Ethnographies are a type of observational research that accounts for particular cultures and communities. At CLEAR, we use stories and ethnographies to investigate our own scientific culture and laboratory community, opening the ethical and social relations of science to investigation. We have an internal story and ethnography library where lab members write out experiences and memories from what they’ve done and learned in the lab. We incorporate stories and ethnographies into our lab book for teaching, into our research as evidence, and into film for understanding our methods and lab culture more broadly.
GUTS is a film directed by Taylor Hess and Noah Hutton (Couple3 Films) that shows how our research and our ethical commitments influence one another. We are working with Couple3 again on Laboratory Life, a project funded by MEOPAR that shows methodologies that are usually black boxed in science, including how author order is chosen for articles, how we run lab meetings, and how we facilitate a lab-wide commitment to specific shared values.
How we do science (2016-2018) is a photographic series by photographer-in-residence Bojan Fürst: “The idea behind the photographs is to engage with daily realities, to quote Stuart Franklin, of how science is done at least in this particular lab. To that end, as a photographer, I am working more closely with the researchers than I normally would in similar documentary projects. One of the ways we collaborate more closely is that the researchers play editorial and curatorial role for the project.”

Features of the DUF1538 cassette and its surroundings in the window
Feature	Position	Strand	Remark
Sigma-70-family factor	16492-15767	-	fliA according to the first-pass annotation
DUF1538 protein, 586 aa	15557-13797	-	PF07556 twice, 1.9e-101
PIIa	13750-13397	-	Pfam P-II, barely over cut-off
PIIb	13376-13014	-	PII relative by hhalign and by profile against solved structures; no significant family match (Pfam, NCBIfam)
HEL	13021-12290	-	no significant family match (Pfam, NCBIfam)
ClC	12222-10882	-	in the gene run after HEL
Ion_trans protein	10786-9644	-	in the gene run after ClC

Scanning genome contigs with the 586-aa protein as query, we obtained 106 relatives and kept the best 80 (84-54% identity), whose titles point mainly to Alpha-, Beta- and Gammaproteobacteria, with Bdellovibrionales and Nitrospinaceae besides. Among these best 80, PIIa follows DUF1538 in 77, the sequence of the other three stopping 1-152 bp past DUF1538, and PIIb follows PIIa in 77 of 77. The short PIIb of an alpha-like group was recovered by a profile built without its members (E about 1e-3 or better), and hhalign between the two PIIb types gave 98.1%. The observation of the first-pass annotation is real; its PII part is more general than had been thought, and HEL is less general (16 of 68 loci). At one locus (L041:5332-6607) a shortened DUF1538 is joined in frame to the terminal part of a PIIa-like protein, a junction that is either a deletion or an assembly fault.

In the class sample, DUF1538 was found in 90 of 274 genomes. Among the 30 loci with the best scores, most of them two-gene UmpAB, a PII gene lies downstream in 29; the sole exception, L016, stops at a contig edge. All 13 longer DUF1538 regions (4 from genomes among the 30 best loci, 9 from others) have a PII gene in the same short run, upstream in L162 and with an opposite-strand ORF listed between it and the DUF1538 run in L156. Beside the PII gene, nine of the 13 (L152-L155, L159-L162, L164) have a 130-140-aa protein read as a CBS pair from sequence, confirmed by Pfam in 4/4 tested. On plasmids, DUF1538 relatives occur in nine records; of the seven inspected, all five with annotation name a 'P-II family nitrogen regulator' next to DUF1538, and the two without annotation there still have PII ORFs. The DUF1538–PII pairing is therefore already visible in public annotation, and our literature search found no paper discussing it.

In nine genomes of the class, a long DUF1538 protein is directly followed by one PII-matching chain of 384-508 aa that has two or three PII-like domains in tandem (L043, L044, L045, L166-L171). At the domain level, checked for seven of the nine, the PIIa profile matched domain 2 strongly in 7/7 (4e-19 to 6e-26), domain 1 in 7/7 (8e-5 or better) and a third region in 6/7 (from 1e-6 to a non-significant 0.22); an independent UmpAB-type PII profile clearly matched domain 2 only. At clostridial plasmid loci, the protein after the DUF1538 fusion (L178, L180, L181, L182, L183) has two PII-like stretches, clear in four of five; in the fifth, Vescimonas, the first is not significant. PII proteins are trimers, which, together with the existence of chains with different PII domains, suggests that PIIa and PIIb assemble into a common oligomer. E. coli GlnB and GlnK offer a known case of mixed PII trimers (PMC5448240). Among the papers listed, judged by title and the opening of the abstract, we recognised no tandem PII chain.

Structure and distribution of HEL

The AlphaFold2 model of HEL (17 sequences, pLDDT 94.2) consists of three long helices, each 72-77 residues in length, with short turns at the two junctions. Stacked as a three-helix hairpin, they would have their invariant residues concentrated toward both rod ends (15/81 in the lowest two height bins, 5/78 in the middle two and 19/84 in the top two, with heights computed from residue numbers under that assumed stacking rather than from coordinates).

Stories from our internal library have been used in two forthcoming research texts: “Doing Ethics with Cod” in Making & Doing (2021) and Pollution is Colonialism (2021). Here are two related stories about the same meeting to determine author order that appear in “Doing Ethics with Cod:”
I’m in the lab with fourteen other lab mates, seated around a table that’s topped with baked goods to nourish our bodies while our brains attempt to decide the author order of our newest plastic ingestion study with silver hake. We’re listing types of labor involved in the project so we can be sure to credit everyone who has been part of it. The list includes collection work gathering the fish, processing samples, writing, editing, organizing meetings, cleaning up, and grant administration. Now we’re adding another one. All fingertips reach skyward and wiggle: jazz hand consensus around the table. This is how we show agreement. We’ve all agreed that dying is a form of labor and it is worthy of a star—meaning it is among the most important forms of labor in this project. Labor means authorship credit. Max, who’s facilitating, adds “Fish” and a star-like scribble to the list of potential authors on the whiteboard, because fish are the ones who did the dying. I grab an extra granola cookie.– E. Wells
The lab discusses putting the fish as first author. A lot of people are for that. People are excited, there is wiggling in seats. But then the tone changes. Charlie asks, “What relation are we setting up if we gift the fish authorship?” Nicole tells a story about being interviewed as a Newfoundlander for a book and how she would never want to be coauthor on that. Charlie tells a story of a professor who published a student’s term paper, and though the prof gave the student author credit, the student did not give consent to be published or be an author. Elise talks about how survivors elevate their cultural status by obituarizing the dead, using the names of the dead as capital. Taylor says, “Giving the fish author credit is in the spirit of the paper,” but as a group, we come to realize it is also wrong according to the lessons of the paper. “So,” I ask the group, “how do we want to credit the fish, then?”
– M. Liboiron
In 2021, we’re continuing our commitment to storytelling and ethnography with a dedicated, lab-wide project to hone our storytelling abilities so we can start telling stories as a collective to communicate our research. Stay tuned!